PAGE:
"The Klingon is a child."
Translation:puq ghaH tlhIngan'e'.
ghaH is for "beings capable of language". 'oH is for things that are not beings or are not capable of language". In this case, the Klingon is a "being capable of language", so you use ghaH.
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It is a grammatical marker that does not exactly match anything we have in English, so there is no direct translation for it. There is a way to express it in an English sentence, but I'll get to that in a minute. Let me first explain why it is required in this sentence.
Since the pronoun in a “pronoun as the verb to-be” sentence is acting as both the verb and the subject, it is not possible to put a separate subject also in the sentence to explain who or what the pronoun is actually referring to. SuvwI' ghaH means, “He is a warrior.” SuvwI' ghaH tera'ngan is ungrammatical since the ghaH and the tera'ngan are both trying to be the subject and you cannot have both at the same time in Klingon. So instead we mark the noun as the “topic” in Klingon with the marker -’e’ and place that “topic” in the subject position to help make the connection. This is a very special grammatical construction and is absolutely required when trying to use an explicitly stated subject with a “pronoun as the verb to-be”. Since the noun with -'e' is grammatically acting as the “topic” and not the subject, it can be translated with, “As for ..., he is ...”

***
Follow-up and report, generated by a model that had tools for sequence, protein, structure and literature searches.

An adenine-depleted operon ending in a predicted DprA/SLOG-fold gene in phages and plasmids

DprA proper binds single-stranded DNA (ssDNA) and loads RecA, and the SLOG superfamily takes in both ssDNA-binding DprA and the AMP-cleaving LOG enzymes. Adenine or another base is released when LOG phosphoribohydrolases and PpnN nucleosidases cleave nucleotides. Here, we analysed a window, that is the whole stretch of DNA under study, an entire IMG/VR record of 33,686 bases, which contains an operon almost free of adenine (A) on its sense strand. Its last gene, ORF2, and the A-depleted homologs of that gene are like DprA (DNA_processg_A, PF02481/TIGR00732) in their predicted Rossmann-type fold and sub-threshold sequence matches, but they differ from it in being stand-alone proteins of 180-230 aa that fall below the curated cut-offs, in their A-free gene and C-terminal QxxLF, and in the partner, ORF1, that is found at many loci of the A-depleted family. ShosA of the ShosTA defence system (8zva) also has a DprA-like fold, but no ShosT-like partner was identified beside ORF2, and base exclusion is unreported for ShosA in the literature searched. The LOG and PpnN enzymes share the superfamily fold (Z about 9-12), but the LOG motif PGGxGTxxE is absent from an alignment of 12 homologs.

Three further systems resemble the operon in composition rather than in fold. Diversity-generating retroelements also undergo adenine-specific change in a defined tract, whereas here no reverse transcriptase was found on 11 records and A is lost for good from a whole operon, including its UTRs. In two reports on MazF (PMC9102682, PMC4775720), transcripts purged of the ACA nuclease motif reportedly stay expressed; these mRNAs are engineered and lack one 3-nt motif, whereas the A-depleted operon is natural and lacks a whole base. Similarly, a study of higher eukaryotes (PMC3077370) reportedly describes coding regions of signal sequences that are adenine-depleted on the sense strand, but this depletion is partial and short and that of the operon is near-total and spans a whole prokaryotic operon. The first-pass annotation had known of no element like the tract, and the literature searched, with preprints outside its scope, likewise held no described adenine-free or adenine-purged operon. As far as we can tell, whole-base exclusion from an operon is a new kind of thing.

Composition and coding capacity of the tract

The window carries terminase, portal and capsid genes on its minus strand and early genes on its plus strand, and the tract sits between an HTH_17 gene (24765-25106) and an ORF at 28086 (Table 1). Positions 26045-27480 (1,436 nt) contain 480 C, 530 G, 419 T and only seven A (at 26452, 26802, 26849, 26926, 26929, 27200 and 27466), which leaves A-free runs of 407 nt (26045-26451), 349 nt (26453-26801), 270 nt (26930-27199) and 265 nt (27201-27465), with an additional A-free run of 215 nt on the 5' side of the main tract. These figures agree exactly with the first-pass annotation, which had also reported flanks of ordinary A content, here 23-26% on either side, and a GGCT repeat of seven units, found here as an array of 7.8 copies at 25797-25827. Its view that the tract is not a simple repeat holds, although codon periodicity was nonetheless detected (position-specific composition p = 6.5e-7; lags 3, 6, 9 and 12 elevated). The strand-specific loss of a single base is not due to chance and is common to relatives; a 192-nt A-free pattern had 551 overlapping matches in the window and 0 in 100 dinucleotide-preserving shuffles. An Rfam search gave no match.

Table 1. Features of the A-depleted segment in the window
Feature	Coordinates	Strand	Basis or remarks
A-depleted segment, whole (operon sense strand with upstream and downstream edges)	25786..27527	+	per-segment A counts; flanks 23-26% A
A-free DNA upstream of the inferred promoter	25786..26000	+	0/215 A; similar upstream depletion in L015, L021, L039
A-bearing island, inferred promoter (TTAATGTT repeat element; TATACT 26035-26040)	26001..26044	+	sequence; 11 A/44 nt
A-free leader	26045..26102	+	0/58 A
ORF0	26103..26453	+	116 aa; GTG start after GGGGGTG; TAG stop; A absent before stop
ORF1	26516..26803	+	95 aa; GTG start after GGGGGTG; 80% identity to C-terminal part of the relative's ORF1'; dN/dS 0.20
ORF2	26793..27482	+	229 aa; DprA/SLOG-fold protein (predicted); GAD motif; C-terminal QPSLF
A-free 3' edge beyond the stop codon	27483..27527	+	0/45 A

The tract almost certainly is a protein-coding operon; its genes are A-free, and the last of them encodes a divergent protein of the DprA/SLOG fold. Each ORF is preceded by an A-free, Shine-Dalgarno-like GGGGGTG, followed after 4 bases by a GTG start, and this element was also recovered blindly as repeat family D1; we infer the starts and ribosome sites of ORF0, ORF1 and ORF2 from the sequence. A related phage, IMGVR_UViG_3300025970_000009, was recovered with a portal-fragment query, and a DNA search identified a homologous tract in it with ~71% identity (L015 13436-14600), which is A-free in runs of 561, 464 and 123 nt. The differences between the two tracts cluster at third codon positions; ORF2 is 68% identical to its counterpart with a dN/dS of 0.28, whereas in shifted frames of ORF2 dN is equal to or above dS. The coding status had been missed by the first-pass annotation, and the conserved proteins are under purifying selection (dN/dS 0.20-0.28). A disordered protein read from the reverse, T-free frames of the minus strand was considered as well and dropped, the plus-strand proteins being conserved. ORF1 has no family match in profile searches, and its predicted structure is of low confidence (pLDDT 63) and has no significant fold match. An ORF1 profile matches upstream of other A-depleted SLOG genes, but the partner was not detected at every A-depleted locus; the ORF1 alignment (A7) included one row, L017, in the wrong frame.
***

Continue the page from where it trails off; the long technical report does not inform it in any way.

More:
So this sentence can be translated by saying, "As for the Terran, he is a warrior," but it is the Klingon equivalent of saying, "The Terran is a warrior."